While the White Paper was being debated in the Australian media, the media was also reporting concerns over the health of 170 asylum-seekers who were on hunger strike in the detention centre on Nauru, having been sent there by an Australia which refuses to abide by its Geneva Convention obligations to process the refugee claims of boat people on its territory. As of January 2015, there were more than 1,800 asylum-seekers detained in overcrowded conditions on Nauru and Manus Island detention centres, many of them from Iran, Afghanistan, Sri Lanka, Myanmar, Bangladesh and other Asian countries, and these detainees were just the tip of a very large iceberg (Australian Customs and Border Protection Service 2015; Hall 2012).
The refugees detained on Nauru and Manus Island should not be seen as representing a separate, poor and suffering Asia to be considered alongside the White Paper’s Consumasia. Rather, they are the same people. Many of the detainees, too, are highly educated and in search of upward mobility; almost all of them want a better material life for themselves and their families. They too want to participate in the material abundance of consumer society. To recognise this is not to deny that many have also genuinely suffered fear, violence and persecution in their home countries. The people detained indefinitely in inhumane conditions on Nauru and Manus Island are not the ‘other’ of the globalised, economically expanding Asia depicted in the White Paper; they are an integral part of that Asia, another dimension of the same complex region, a dimension that complicates the picture.
Which face of ‘Asia’ do we recognise? With which dimension of Asia will we interact, and how?
The other Cold War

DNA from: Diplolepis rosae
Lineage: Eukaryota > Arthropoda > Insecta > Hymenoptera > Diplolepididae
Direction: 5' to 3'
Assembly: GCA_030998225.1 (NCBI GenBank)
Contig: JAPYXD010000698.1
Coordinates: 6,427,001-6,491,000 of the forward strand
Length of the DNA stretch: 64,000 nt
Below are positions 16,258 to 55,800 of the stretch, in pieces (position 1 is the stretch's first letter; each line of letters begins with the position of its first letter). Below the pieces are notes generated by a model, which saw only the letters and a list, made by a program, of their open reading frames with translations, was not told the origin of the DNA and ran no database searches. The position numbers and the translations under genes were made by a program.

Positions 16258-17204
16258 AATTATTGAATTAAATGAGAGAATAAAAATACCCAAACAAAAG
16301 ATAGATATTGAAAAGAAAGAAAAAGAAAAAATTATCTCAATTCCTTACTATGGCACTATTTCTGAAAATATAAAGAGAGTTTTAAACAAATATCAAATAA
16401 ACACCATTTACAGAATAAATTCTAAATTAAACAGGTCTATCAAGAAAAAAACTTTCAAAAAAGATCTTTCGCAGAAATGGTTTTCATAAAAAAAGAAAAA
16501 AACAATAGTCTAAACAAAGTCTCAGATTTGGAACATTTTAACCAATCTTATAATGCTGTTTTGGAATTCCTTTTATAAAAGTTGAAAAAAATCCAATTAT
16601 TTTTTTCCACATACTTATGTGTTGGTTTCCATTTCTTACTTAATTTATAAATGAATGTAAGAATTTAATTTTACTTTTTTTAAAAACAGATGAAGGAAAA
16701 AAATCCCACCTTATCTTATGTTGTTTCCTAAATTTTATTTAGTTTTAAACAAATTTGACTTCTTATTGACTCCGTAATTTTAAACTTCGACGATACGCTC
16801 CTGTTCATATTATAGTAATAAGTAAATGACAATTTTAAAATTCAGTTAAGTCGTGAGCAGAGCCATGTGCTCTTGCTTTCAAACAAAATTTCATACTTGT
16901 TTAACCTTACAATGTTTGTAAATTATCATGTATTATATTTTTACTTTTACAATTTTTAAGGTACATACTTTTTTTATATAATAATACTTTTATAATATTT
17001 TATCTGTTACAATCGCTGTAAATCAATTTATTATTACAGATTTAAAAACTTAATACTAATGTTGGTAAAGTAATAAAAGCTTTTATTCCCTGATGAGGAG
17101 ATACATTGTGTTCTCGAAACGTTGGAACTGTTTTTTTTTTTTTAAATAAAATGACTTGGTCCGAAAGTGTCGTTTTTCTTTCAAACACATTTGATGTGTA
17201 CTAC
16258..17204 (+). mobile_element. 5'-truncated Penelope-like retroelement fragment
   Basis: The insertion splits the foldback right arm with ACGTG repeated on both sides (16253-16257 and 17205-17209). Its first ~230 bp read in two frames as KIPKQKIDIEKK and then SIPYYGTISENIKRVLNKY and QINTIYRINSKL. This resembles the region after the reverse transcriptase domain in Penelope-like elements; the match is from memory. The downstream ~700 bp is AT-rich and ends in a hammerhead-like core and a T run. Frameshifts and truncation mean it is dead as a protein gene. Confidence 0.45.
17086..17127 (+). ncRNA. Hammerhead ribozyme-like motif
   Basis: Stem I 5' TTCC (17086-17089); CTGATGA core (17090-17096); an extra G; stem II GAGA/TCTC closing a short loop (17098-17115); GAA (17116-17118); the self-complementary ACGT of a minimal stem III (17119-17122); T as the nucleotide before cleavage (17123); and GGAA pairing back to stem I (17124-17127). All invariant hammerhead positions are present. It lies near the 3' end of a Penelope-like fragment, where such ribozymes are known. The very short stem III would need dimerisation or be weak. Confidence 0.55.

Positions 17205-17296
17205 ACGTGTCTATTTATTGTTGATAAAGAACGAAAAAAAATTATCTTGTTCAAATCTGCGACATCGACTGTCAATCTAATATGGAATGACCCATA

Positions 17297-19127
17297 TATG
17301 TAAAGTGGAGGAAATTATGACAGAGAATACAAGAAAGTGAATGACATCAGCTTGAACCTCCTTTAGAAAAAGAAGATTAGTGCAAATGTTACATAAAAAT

The White Paper, to be fair, does acknowledge some of the complexities. It notes that rapid growth in Asian economic powerhouses such as China and India comes with costs, which include widening gaps between rich and poor and deepening environmental challenges. However, by placing the rise of Asia so squarely in an economic framework—by viewing it almost exclusively through the prism of free-market globalisation—the White Paper obscures some important dimensions of regional change and regional interaction, which become clearly evident if we use other prisms for considering events in the region.
For social scientists and other researchers engaging with various parts of Asia, it is (I would suggest) important to consider the region though a different prism: that of the end of the Cold War and the creation of a post–Cold War order. It is interesting that the White Paper makes only the most fleeting references to the Cold War as an event of a vague and seemingly rather distant past. Reading it with no prior knowledge, you would not guess that there had ever been such things as communism or Maoism. The Vietnam War gets just one mention in the context of migration to Australia, and there is also a single reference to the ‘Korean War wool boom’. Yet it could be (and often has been) argued that the economic rise of Japan, South Korea, Taiwan and other economies was closely related to the structures and events of the Cold War. It could also be argued that what is happening in Asia today is all about the uncertain end of the Cold War. Looking at events through this prism, though, requires us to rethink some aspects of conventional wisdom about the Cold War as well as about ‘the rise of Asia’.